"While it's a huge relief that the bill is being signed, Donald Trump's tantrum has created unnecessary hardship and stress for millions of families," Sen. Ron Wyden, D-Ore., said in a statement late Sunday.

The uncertainty about the programs reflects the urgent circumstances of the country's recent economic decline. Many labor groups, businesses and state and local governments had pleaded with Congress and the White House since the summer to strike a deal on new stimulus funds. Programs authorized under the government's last relief package, the $2 trillion Cares Act, began to expire in July.

Now, the process of distributing the $900 billion is set to start in the final days of the Trump administration, just as President-elect Joe Biden prepares to enter the White House. Trump, Vice President Mike Pence and Mnuchin are all vacationing this week, though a treasury representative previously said Mnuchin and Trump have been in contact.

With the stimulus payments, the Treasury Department and IRS think they can move swiftly after ironing out all the glitches they encountered implementing the Cares Act in spring. Since then, more Americans have filed their tax returns electronically, meaning the government is expected to issue far fewer paper checks, according to the senior IRS official. Those who do receive paper checks are likely to see Trump's name printed on them, similar to what occurred earlier this year, the source added.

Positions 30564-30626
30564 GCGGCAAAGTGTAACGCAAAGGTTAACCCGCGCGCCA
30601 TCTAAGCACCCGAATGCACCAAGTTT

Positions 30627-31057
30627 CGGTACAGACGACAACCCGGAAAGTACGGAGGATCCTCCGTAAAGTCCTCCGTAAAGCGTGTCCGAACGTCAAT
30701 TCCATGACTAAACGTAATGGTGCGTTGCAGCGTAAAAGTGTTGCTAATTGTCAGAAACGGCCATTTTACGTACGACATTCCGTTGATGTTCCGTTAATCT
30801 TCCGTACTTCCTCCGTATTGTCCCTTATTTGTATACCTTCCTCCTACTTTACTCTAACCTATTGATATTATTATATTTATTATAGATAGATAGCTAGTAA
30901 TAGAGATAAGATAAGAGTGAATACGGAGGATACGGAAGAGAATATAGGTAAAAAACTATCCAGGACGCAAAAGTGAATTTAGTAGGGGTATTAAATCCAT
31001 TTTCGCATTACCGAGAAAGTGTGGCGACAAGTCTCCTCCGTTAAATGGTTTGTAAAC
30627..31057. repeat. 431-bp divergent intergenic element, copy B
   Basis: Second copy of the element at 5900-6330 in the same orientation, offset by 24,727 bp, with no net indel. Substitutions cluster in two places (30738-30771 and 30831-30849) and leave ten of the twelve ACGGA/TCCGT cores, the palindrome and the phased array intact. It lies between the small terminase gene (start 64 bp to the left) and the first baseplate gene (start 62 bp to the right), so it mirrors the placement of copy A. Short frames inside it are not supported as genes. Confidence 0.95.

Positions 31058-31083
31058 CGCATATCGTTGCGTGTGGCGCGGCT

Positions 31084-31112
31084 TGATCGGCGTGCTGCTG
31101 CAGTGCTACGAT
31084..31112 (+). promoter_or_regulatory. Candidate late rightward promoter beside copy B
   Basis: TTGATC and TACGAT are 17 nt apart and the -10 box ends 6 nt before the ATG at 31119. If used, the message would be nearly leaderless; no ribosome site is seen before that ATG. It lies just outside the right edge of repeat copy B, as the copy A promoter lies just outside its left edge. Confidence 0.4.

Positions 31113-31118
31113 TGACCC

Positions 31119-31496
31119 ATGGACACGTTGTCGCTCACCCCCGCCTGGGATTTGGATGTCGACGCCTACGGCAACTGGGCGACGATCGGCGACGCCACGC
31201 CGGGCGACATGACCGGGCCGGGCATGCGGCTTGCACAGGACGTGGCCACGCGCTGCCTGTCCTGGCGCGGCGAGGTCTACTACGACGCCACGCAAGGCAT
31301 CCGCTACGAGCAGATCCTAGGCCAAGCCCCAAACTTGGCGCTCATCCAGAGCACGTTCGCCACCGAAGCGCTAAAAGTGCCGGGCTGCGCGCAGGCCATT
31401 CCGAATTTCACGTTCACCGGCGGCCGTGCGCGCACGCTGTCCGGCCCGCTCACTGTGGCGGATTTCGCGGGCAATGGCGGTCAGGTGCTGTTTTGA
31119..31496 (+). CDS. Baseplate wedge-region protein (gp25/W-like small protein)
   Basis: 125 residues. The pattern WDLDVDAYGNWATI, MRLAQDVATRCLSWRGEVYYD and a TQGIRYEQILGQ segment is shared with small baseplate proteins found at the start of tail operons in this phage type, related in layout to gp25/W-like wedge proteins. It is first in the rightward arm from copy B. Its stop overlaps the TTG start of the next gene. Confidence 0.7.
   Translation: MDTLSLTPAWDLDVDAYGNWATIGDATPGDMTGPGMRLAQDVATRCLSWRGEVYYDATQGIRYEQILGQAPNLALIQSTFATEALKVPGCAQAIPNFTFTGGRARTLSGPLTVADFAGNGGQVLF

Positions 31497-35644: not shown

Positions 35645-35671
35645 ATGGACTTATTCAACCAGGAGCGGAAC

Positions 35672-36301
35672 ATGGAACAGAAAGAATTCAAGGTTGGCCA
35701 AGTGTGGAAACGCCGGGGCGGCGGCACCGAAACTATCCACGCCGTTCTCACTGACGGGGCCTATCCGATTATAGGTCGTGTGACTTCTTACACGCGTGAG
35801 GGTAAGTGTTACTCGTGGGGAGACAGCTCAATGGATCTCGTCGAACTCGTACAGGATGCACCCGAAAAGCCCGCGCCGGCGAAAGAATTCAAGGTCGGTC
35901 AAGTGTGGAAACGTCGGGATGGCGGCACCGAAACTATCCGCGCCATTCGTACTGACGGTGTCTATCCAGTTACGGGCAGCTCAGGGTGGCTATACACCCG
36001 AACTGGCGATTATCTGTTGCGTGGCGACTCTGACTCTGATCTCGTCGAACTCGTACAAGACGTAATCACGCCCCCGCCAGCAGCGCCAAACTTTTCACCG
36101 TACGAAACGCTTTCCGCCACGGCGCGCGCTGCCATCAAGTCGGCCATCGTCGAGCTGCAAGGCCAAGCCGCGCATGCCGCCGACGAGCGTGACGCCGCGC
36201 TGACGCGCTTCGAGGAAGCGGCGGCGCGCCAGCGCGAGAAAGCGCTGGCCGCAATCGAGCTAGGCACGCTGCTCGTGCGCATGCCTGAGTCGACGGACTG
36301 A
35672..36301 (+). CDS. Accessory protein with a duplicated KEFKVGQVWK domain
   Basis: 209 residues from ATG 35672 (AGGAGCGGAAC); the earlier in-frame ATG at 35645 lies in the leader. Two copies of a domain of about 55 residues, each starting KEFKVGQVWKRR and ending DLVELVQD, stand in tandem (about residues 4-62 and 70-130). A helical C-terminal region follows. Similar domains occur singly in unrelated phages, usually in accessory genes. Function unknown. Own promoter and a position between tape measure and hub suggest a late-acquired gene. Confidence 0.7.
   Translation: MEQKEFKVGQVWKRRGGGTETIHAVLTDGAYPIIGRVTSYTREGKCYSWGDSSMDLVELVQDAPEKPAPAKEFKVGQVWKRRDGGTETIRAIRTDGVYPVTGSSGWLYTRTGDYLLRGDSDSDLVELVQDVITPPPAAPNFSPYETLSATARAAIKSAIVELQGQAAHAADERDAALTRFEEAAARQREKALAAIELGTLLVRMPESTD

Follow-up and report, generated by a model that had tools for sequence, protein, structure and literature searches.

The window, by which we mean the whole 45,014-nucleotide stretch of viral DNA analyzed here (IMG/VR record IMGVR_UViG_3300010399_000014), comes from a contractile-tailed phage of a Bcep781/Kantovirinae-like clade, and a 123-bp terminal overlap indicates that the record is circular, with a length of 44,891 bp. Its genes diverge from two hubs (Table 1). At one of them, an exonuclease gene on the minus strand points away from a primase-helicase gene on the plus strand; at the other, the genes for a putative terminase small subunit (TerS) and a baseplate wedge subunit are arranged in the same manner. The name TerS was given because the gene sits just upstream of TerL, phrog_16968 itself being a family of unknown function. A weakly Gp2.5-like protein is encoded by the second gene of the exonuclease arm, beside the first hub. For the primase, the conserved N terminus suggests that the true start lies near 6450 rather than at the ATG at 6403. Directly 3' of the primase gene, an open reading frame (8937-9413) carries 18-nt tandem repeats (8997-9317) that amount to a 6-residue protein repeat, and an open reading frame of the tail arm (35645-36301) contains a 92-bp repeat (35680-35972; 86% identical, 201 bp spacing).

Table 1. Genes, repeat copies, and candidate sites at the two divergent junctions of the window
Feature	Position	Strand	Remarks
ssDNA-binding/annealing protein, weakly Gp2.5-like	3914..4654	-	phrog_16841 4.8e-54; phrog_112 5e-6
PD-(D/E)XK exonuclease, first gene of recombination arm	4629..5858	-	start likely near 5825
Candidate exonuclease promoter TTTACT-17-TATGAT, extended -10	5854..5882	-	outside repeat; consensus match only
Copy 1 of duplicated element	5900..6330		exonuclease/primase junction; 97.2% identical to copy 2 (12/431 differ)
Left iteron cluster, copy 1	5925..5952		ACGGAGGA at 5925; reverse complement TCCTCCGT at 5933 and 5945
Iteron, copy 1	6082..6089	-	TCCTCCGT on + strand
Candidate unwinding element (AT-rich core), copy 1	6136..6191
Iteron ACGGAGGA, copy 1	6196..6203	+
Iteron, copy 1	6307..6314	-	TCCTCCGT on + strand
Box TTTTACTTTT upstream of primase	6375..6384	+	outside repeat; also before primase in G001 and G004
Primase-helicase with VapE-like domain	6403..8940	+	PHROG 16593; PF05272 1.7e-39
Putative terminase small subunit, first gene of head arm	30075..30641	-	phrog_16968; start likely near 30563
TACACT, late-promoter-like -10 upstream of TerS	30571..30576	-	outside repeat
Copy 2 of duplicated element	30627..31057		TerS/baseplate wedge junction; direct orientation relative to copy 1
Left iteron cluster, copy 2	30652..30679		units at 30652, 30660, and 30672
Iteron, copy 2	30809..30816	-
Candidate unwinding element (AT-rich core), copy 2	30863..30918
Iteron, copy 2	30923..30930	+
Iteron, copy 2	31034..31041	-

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In addition to the emergency relief funds, the newly enacted law directs the government to appropriate $20 billion for coronavirus testing, for example, and $8 billion for vaccine distribution. It allocates $13 billion in fresh money to help families afford food, and $10 billion to help parents cover the cost of child care. There is new aid to boost arts programs and expand the availability of high-speed Internet access. And lawmakers set aside billions more to ensure that families can stay in their homes - and transit agencies could literally keep the trains running on time.

Even the mere availability of relief already appeared to offer the economy a slight jolt Monday, as Southwest Airlines announced that it would not need to slash its workforce or reduce wages after Trump opted to sign the legislation. The Dow Jones industrial average rose 204 points, or 0.7%, as investors cheered the prospect of stimulus-aided economic growth.